Baltimore residents can rest assured that if an intruder invades their
home with violent intent, then they are well within their right to shoot
and kill the person. Generally, the law will protect those who use a gun
in self-defense like this from being charged with violent crimes. However,
if the individual is outside of your home and on the street, such situations
need to be examined on a case-by-case basis.
When it comes to self-defense, everyone has the right to use force in the
name of defending themselves. For example, if a Baltimore resident has
been charged with murder, it may be possible to use self-defense arguments
as a way of defending the accused person against the crimes in court.
That said, the amount of force used against the person has to be proportionate
to the situation. In this sense, if a thief enters your home, discovers
that you are there and attempts to leave without any threat of violence
against you, it would obviously be an inappropriate use of force to shoot
the thief with a firearm.
The state of Maryland is known as a “Duty to Retreat” state.
This means that if you are threatened, but you have the ability to escape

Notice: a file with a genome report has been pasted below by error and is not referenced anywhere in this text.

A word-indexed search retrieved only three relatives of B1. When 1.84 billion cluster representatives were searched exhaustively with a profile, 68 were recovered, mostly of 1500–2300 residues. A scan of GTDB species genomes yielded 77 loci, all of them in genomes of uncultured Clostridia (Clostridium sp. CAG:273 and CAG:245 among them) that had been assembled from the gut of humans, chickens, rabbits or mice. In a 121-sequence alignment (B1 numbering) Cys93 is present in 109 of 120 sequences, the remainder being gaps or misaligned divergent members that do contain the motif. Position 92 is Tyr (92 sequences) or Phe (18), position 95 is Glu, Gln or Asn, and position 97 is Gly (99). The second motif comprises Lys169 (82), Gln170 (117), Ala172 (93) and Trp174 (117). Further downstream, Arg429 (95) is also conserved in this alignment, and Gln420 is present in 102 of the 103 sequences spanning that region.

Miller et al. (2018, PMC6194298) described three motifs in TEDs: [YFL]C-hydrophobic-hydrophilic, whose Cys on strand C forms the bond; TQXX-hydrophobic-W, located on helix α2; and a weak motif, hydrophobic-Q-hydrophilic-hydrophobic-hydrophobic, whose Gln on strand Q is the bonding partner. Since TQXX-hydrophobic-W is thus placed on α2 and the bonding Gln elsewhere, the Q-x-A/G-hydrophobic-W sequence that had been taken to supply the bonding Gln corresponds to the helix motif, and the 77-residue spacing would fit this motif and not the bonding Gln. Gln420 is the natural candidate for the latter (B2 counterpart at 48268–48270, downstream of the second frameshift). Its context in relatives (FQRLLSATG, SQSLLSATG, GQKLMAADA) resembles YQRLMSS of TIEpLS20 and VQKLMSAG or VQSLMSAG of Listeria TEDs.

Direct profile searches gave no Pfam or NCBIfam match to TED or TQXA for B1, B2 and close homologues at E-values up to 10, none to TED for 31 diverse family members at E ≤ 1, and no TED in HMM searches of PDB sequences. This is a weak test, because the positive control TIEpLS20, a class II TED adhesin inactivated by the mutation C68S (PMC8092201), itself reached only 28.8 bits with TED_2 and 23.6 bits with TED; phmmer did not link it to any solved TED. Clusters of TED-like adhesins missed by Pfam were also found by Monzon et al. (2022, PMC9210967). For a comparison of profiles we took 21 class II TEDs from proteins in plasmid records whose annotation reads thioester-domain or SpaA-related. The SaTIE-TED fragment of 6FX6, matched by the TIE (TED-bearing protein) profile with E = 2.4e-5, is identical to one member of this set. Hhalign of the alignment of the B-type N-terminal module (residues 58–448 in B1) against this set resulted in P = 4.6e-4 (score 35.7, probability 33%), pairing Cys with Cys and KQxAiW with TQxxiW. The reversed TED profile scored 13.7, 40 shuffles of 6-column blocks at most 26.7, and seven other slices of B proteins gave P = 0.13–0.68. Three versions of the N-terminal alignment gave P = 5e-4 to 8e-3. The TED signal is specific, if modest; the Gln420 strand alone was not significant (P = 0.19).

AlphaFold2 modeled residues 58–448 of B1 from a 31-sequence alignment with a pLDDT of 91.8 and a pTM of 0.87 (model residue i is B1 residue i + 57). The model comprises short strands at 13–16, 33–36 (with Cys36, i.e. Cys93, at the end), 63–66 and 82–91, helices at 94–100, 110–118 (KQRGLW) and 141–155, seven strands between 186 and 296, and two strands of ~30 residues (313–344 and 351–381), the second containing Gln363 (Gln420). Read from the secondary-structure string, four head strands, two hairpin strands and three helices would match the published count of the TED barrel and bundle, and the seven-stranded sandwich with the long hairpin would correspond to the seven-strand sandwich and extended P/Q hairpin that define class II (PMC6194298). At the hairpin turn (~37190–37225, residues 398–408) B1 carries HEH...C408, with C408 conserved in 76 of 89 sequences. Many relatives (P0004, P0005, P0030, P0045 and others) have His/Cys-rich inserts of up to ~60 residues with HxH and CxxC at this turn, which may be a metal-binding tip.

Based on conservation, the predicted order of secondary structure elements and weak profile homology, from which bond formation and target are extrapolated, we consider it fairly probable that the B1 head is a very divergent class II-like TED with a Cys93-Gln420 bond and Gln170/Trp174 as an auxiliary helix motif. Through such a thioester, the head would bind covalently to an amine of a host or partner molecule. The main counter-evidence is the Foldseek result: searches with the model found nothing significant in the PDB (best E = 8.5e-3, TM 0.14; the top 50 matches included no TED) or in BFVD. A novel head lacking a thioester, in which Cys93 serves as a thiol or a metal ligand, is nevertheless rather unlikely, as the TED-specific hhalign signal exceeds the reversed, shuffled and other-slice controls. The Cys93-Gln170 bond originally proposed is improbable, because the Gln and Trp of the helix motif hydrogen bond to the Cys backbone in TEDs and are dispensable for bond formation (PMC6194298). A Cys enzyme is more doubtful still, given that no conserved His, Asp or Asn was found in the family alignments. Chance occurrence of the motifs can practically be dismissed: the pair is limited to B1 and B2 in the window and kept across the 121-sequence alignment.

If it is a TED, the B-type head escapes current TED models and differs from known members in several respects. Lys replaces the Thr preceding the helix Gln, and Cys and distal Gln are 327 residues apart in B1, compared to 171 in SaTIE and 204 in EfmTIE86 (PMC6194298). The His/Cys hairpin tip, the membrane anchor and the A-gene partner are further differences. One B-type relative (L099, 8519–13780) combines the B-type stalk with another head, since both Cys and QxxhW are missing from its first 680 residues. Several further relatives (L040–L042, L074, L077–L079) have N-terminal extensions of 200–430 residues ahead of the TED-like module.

harm, you have a duty to retreat. In “Duty to Retreat” states,
you are not permitted to stand your ground and confront an attacker with
deadly self-defense if there exists the opportunity to escape the risk
of harm. If escaping is not an option, then individuals will have the
legal ability to employ deadly force.
Common sense dictates that Maryland residents assess a particular situation
before making the decision to employ deadly force in self-defense. The
law also requires that you consider the force and threat of an attacker
— and whether it is possible to escape — before discharging
a deadly weapon at the person. Knowing the laws relating to self-defense
and deadly force is important for every Maryland resident in order to
avoid being charged with violent crimes.